The beaches in Valencia are stunning and if you want to relax with a book and soak in some sun, there is nowhere better to be. Arenas Beach is the one that is closest to the city and also the most popular. It is easy to get there by bus or tram in only 15-20 minutes. You will find all necessary amenities on the beach and there are loungers and parasols for rent. There are plenty of beach bars to grab a bite to eat when you get hungry, or you can walk to the picturesque Cabanyal neighbourhood.

Other beaches worth checking out are Malvarossa Beach, Patacona Beach, and Saler Beach.

Best Places To Stay For Solo Travellers

Now that you know what to do, you need to figure out the best area to stay in Valencia. Staying in a central location gives you easy access to all the top attractions, but in summer you might prefer staying close to the beach. Another consideration is that you can find plenty of great hostels to meet other travellers in the centre of Valencia.

Here is an introduction to the top areas for solo travellers.

Valencia Old Town

This is a great place to stay to be in the middle of the top attractions with plenty of restaurants and bars. And of course the vibes of the historic centre are hard to beat.


This is a hip neighbourhood close to the train station where you find plenty of trendy cafés and bars and some of the city’s best street art. It is within a short walk from the old town.


This is set by the beach and is perfect if you are looking for a slow and relaxing vacation away from the hustle and bustle of the centre. The neighbourhood is well connected with the city centre by bus and tram. It is also an affordable taxi or Uber trip if you decide to stay out in the city until late.

How To Get Around In Valencia

Valencia is easy to get around with bus, metro, and tram, but it is also very walkable. The only places you really need public transport to get to are the beach and the City of Arts and Sciences. If you don’t mind walking, it is a 30 minute walk to the latter from the old town through the Turia Park which is really nice. You can also opt for renting a bike.

You may wish to purchase a 24-, 48- or 72-hour Valencia Tourist Card, which gives you unlimited travel on the city’s buses, metro, tram and commuter trains. It also entitles you to free entrance to many of Valencia’s main museums and tourist attractions.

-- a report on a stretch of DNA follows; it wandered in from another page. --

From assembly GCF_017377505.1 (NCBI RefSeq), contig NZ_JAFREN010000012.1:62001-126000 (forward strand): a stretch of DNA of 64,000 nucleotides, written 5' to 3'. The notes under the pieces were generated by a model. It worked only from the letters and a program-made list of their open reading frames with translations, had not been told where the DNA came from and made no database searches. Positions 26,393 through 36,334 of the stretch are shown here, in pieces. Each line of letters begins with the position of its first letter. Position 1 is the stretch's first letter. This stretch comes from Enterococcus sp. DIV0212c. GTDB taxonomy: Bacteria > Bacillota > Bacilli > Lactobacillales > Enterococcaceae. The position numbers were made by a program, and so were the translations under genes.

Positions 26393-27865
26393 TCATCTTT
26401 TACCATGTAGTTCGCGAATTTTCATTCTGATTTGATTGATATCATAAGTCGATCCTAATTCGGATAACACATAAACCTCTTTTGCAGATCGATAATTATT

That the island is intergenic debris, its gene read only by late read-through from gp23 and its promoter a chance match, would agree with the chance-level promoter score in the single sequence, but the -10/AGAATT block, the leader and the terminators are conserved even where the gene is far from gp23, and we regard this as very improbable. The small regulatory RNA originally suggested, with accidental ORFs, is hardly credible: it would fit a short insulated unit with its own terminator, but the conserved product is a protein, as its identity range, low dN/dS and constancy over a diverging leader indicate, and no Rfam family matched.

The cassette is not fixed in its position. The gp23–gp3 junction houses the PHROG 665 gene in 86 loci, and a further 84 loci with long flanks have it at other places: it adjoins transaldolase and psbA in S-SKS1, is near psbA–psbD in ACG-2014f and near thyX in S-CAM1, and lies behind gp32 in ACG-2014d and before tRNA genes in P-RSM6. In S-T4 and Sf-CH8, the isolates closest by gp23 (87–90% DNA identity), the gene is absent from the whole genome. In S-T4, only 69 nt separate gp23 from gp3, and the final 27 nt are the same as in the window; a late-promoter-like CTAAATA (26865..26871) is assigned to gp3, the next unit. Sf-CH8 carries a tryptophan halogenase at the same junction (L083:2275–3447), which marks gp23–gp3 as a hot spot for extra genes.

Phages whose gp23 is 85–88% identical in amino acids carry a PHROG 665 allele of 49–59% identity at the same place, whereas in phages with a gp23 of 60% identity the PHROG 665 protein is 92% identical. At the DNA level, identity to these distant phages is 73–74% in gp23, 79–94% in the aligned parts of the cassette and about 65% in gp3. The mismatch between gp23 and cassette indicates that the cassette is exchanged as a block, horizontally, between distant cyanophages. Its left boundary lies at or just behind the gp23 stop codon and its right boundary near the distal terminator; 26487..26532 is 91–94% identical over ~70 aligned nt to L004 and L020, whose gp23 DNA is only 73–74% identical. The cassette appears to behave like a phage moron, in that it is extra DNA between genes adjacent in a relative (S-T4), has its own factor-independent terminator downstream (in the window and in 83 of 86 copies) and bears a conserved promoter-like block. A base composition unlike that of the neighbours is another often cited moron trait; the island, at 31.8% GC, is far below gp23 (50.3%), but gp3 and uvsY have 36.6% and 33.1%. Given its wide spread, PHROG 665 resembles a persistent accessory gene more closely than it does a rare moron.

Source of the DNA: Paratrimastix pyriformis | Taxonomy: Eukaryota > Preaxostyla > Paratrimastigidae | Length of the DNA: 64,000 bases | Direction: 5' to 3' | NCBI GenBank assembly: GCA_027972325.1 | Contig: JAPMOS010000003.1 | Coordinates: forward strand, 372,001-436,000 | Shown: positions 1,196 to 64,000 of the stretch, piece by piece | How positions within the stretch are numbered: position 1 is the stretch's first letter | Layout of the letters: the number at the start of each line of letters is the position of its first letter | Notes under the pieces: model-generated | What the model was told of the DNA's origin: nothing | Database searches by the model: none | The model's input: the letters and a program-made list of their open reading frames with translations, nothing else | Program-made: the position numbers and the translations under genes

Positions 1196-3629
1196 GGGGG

Is Valencia Safe For Solo Travellers?

Despite being the third-biggest city in Spain, Valencia is fairly safe for solo travellers. Of course, you can experience pickpockets in busy areas like in any big city so you should always hold on to your valuables, but crime rates towards tourists are almost non-existent. Harassment towards solo female travellers is also low, but you should avoid any empty, dark alleys at night – as you would anywhere else.

Conclusion: Travelling To Valencia Alone

Valencia is the perfect place for solo travel with plenty of activities and fun things to do. Whether you prefer a relaxed and slow-paced vacation by yourself or want to meet other travellers and go on plenty of tours, there is something for you in Valencia. The fabulous mix of beach and city life in a safe city makes it such a great choice.

Author bio: Linn Haglund is an avid traveller who has been based in Spain for the last 10 years travelling the country extensively. She now slow travels full-time in a van and you can follow her adventures on YouTube.


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I have been writing and travelling for many years (almost 70 countries at the last count), and I’ve visited every continent except Antarctica. This website is my attempt to inform and inspire other travellers, and to share some of the things I’ve discovered along the way. Read more…